Non-Fungible Tokens (NFTs) are a type of cryptographic token that uses blockchain technology to represent unique and non-replicable digital assets, such as digital art, videos, music, and other digital content. Each NFT is unique and identified by its own hash code on the blockchain, ensuring its authenticity and traceability. Unlike fungible tokens like cryptocurrencies, NFTs are not interchangeable for other tokens in an equivalent proportion, as each NFT is unique and has its own value.
Due to the recent surge in popularity of these types of crypto assets, Spain and different EU member states have been forced to regulate them to fit within existing legislation.
In Spain, the current regulation partially accommodates NFTs, providing a legal framework for issuers, owners, and investors of NFTs to negotiate, buy, and sell these crypto assets.
Intellectual Property Law:
The Royal Legislative Decree 1/1996, of April 12, regulates intellectual property in Spain, and owners of NFTs, like any artwork owner, enjoy the same rights and obligations set forth in this law. Thanks to the Distributed Ledger Technology (DLT), a smart contract executed on the blockchain can include a clause that establishes the terms and conditions for the use of the work, as well as the intellectual property rights that are retained. In this way, the creator of the NFT can establish that the buyer has the right to own the work, but not to reproduce, distribute or modify it without permission, thus exercising their right to non-reproduction without consent.
Law of Information Society Services and Electronic Commerce:
In Spain, Law 34/2002, of July 11, on Information Society Services and Electronic Commerce, deals with service providers established in Spain and the services provided by them.
Article 23 – Validity and effectiveness of contracts concluded electronically – in its first numeral establishes that: “Contracts concluded electronically will produce all the effects provided for by the legal system when the consent and other requirements necessary for their validity are met.”  Due to the absence of specific rules for the application of NFTs, Spanish law places NFT sales within the existing regulation similar to that outlined in the previous article.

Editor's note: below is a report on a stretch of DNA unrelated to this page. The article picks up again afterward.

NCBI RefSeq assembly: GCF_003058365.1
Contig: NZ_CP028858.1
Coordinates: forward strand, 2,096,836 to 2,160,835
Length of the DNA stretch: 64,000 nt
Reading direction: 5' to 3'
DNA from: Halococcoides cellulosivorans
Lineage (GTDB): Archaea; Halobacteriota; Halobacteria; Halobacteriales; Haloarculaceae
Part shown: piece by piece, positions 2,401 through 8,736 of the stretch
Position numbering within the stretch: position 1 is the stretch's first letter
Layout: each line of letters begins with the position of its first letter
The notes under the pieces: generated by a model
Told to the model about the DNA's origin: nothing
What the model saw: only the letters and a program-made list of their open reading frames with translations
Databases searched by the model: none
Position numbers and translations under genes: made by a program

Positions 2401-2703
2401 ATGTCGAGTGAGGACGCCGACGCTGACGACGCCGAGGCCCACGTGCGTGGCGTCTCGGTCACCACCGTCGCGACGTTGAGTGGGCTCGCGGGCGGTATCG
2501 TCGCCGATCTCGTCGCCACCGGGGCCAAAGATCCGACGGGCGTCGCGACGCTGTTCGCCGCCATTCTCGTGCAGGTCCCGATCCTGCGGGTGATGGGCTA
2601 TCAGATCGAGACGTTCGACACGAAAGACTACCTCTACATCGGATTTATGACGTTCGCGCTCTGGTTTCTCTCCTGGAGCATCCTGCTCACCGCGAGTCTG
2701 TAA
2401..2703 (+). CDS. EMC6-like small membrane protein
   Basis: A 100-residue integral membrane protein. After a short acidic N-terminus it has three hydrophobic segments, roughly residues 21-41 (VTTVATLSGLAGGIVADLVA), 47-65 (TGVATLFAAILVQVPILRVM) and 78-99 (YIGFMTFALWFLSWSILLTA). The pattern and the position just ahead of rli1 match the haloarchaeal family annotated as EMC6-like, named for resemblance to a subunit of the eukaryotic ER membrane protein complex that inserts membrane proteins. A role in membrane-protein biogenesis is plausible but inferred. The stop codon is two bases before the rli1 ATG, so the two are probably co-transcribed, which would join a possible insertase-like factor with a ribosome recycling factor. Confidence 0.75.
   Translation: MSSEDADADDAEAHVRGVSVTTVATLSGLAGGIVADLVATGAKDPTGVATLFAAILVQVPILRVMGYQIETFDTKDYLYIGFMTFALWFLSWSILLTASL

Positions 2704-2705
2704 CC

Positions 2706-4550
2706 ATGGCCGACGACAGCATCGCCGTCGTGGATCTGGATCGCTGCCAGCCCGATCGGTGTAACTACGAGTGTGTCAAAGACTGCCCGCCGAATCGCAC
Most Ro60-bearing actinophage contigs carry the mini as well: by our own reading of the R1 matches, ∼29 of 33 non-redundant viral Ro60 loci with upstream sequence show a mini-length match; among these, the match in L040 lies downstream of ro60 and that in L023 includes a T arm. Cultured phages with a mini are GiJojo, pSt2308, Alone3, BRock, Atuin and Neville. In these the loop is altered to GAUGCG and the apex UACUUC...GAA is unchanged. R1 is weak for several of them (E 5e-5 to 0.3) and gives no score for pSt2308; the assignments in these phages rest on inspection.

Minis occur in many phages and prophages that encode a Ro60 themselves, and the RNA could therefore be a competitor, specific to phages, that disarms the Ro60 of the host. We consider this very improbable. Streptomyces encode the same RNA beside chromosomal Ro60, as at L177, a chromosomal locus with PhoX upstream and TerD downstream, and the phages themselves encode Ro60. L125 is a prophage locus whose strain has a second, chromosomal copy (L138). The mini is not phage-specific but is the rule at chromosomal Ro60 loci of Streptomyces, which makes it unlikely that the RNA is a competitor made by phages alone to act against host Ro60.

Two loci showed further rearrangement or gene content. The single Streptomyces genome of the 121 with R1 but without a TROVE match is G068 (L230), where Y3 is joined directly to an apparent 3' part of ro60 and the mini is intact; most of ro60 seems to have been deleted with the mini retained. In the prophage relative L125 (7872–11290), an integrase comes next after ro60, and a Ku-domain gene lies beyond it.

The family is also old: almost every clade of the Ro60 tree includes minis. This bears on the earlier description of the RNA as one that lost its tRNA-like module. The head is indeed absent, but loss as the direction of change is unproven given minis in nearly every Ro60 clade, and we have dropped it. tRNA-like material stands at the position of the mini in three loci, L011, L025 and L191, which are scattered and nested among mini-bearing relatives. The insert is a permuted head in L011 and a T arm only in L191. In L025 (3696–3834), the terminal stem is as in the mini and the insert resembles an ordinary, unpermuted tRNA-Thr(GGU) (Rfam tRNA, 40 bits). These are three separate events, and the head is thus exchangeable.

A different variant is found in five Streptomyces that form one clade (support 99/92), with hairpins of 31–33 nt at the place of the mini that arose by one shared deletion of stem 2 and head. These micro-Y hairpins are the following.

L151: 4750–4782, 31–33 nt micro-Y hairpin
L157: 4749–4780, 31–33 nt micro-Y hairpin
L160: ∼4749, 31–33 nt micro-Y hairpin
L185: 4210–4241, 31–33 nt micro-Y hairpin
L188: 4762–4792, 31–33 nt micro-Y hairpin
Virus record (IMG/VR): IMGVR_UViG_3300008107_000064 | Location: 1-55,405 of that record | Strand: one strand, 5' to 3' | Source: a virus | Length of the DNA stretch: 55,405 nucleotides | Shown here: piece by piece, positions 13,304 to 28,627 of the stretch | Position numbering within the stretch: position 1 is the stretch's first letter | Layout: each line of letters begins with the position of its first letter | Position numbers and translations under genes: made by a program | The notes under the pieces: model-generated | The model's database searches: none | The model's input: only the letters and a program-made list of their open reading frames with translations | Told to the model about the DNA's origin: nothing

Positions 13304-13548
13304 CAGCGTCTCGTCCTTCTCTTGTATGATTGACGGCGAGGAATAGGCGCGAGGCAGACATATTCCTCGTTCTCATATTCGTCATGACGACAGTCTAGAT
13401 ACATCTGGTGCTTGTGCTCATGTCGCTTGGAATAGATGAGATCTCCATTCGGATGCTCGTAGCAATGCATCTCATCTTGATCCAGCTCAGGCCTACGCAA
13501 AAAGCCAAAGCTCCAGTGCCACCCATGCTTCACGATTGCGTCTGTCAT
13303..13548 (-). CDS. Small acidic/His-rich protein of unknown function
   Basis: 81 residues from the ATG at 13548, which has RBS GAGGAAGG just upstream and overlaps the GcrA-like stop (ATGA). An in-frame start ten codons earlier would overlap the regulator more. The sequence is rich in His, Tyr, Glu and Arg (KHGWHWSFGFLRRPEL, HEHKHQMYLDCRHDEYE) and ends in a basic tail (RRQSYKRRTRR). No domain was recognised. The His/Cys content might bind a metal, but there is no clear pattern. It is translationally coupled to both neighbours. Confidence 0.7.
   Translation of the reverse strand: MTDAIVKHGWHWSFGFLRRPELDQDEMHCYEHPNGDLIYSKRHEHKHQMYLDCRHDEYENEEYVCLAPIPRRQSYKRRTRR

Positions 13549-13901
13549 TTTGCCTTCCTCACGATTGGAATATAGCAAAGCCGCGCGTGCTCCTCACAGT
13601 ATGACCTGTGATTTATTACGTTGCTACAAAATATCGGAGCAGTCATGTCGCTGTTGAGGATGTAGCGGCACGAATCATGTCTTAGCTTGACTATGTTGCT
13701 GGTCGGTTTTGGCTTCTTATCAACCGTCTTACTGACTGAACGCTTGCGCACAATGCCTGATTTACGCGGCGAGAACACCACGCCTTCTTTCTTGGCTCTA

Money Laundering Prevention Law:
In order to protect consumers and prevent illicit activities, the EU in its new Markets in Crypto Assets (MiCA) regulation establishes guidelines against money laundering and terrorist financing (AML/CFT). In Spain, Law 10/2010, of April 28, proposes the prevention of money laundering and terrorist financing. Given the nature of DLT, assets traded on the blockchain due to their anonymity can lend themselves to illicit activity. As a result, these general provisions also cover the issuers of such crypto assets in Spain and the EU.
These regulations aim to protect consumers and prevent illicit activities in the NFT market. Pending a new and concrete comprehensive regulation of NFTs, reference should be made by analogy to the regular standards of Spanish law. The new MiCA regulation promises to fill the current legislative gaps so that this technological sector can take advantage of commerce and accelerate the Spanish economy.